European center for sustainable finance

Sustainable Real Estate

Climate change is the biggest threat facing mankind today. The abatement potential of emissions is by far largest in residential and commercial buildings, with the built environment responsible for one third of global carbon emissions. The topic of energy efficiency and sustainability in the built environment is currently a central theme in the decision-making of investors as well as policymakers. Systematic research is scant. The work of ECCE on energy efficiency and sustainability in buildings is part of a global research initiative that addresses some of the main barriers to market adoption of energy efficiency measures. The results and conclusions from this research have led to new economic insights on whether the private market does incorporate information on energy efficiency in the determination of rents and asset prices, featured in top scientific journals, practitioner magazined and in the popular media. ECCE was also the founder of GRESB, the global standard for ESG benchmarking in the real estate and infrastructure investment space.

The research agenda on building sustainability is now moving on to “Sustainability 2.0,” focusing on the people using and inhabiting buildings. Researchers from ECCE, in close cooperation with colleagues from Maastricht University's School for Public Health, have begun to look at the relationship between indoor climate and the health and performance of building users. Current projects include the implications of housing for health, indoor quality and worker productivity, and the performance of students as it relates to the quality of the classroom.

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Responsible Investing

Responsible investing, more than ever before, is high on the agenda of institutional investors. Pension funds, mutual funds, insurance companies, and other institutional investors with fiduciary duties increasingly integrate environmental, social, and corporate governance (ESG) factors in their investment decisions.

ECCE investigates how ESG factors influence investment risks and returns across various asset classes, in the short run and long run. ECCE also helps fiduciaries understand the preferences of investors (clients and beneficiaries) for certain environmental, social, and governance issues.

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Sustainable Banking

For a long time, the success of the banking industry was measured almost exclusively by its performance. Developments in the last decade have shown the importance of having sustainable success in international finance. Measuring success purely by the short-term profits that are generated, leads to a banking sector that is quite simply not sustainable.

The importance of sustainable banking is starting to be recognized everywhere. Attempts aimed at finding financial solutions for valuing the world’s rainforests, designing optimal contracts for micro-finance lending, implementing macro and monetary policies that facilitate risk-sharing and enhance stability, or improving risk management techniques to enhance the absorptive capacity of financial institutions all have one thing in common: the creation of a more sustainable banking system.

At ECCE, we view sustainability in finance as something that concerns both the individual firm and the industry at large. Moreover, we believe sustainability requires a safe, sound and stable banking system, as well as a banking system that contributes to economic growth and development in a sustainable manner. Current sustainable banking projects cover micro-finance, speculation and commodity prices and the finance-growth nexus.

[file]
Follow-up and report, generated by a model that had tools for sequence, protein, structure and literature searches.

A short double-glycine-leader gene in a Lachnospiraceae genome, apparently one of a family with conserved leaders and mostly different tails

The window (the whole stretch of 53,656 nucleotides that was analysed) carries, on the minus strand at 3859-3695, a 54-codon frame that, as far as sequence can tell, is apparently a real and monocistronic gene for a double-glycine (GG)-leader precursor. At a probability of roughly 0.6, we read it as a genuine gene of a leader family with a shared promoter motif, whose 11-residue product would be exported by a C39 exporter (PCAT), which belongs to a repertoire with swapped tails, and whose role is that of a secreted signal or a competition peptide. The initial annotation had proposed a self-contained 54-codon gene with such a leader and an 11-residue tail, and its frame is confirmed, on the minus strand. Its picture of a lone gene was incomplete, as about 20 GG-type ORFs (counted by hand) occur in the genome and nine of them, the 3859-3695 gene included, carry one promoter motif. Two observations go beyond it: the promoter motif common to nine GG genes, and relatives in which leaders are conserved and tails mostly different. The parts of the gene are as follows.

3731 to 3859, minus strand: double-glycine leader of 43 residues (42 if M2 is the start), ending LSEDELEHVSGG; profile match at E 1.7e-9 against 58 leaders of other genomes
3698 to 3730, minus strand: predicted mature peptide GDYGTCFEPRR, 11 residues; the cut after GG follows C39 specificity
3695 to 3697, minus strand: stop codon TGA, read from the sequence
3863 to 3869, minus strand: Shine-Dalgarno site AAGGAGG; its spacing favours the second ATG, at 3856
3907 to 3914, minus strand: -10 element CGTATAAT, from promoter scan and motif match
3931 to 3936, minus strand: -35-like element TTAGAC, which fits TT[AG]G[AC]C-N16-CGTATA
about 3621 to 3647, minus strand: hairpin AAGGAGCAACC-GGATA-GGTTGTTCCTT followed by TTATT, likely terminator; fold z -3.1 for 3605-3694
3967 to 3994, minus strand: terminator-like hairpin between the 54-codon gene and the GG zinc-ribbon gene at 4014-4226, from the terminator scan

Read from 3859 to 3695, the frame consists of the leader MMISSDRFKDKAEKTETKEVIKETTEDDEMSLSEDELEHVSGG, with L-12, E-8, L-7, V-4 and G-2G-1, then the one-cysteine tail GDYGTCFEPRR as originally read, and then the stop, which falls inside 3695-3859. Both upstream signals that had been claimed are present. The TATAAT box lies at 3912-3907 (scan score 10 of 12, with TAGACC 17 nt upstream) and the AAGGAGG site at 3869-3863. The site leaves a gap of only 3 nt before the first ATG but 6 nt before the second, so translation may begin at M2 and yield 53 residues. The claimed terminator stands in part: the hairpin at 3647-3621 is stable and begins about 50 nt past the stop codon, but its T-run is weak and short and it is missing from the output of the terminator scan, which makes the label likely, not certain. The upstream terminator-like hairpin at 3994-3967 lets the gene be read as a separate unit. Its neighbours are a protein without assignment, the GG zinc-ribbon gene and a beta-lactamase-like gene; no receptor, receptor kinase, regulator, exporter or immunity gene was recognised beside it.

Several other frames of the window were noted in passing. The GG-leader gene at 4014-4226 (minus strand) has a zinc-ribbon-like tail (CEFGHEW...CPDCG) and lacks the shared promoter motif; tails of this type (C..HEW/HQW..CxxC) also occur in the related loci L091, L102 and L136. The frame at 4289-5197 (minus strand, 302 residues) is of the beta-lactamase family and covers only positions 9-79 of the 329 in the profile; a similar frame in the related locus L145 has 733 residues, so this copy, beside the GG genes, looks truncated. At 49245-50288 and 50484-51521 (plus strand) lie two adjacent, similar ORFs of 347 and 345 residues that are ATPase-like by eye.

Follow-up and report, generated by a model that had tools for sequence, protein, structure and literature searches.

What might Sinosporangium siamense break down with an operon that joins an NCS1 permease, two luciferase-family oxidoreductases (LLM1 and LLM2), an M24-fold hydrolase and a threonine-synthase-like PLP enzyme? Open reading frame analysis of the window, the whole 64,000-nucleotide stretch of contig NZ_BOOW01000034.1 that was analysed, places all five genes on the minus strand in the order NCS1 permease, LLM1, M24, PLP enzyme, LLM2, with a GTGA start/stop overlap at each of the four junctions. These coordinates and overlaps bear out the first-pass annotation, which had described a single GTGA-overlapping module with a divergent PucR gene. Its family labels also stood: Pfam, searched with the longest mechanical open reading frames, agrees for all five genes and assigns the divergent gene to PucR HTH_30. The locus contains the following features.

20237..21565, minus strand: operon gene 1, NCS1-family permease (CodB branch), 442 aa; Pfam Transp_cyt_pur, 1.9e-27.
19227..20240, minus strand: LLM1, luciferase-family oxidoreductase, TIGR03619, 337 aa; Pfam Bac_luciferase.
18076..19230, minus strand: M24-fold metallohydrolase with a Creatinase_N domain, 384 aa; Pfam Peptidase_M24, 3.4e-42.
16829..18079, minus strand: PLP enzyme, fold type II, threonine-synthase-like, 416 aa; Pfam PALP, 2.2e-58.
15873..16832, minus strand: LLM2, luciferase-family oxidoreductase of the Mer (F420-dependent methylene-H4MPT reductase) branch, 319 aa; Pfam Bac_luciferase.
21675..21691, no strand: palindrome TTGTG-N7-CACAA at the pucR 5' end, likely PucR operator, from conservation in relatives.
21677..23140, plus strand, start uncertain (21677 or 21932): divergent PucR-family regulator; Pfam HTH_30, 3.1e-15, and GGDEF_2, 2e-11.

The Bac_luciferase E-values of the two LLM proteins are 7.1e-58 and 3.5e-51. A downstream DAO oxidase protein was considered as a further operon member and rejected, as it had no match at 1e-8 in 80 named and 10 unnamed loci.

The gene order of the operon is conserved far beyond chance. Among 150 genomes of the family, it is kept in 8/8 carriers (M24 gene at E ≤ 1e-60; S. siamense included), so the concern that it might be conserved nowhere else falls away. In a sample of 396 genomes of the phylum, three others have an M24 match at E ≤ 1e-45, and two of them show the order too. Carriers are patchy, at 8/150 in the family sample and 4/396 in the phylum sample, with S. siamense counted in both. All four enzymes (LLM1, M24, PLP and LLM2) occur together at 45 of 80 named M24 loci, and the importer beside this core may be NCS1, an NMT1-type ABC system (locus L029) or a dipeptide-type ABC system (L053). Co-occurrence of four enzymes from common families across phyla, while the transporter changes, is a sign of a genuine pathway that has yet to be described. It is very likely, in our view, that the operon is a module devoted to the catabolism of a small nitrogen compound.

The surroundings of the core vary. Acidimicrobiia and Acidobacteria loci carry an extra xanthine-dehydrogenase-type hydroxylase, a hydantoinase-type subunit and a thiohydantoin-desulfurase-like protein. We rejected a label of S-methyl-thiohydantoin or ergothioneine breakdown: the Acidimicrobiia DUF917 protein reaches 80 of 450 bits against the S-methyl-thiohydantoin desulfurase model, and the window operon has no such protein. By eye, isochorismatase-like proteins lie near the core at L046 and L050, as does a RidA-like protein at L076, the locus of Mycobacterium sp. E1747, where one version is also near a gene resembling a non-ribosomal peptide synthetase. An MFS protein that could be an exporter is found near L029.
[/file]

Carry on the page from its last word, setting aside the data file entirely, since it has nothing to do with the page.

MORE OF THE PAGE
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Corporate Governance

ECCE has started and completed a number of research projects in the context of corporate governance and shareholder activism. Institutional investors increasingly scrutinize the corporate governance quality of the companies they invest in. In the past decade, these investors have also intensified their right to vote on annual shareholder meetings. Some investors even go one step further by engaging, directly or indirectly, with company management on governance and related issues. ECCE has the ambition to help understand these new developments better, thereby contributing to both the academic literature and the global investor community.

Good examples are papers on the proxy voting process, the filing of class action lawsuits, the effectiveness of engagement between investors and companies, the determination of executive compensation, the relation between leverage and corporate governance, and the market for corporate directors and committee members.

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The European Centre for Corporate Engagement (ECCE) at Maastricht University's School of Business and Economics is a globally leading research institute on sustainable finance and responsible investing. We execute high-quality, scientifically rigorous research on the implications of environmental, social, and governance (ESG) issues for companies, investors and markets while covering different asset classes such as equities, fixed income, and real estate. As an established independent academic center, we also work closely together with industry participants through partnerships.

ECCE also actively translates academic research into practical applications and products. Our research on sustainable real estate was the basis for GRESB -- now the globally leading ESG benchmark for public and private real estate companies and funds, as well as infrastructure assets and funds.


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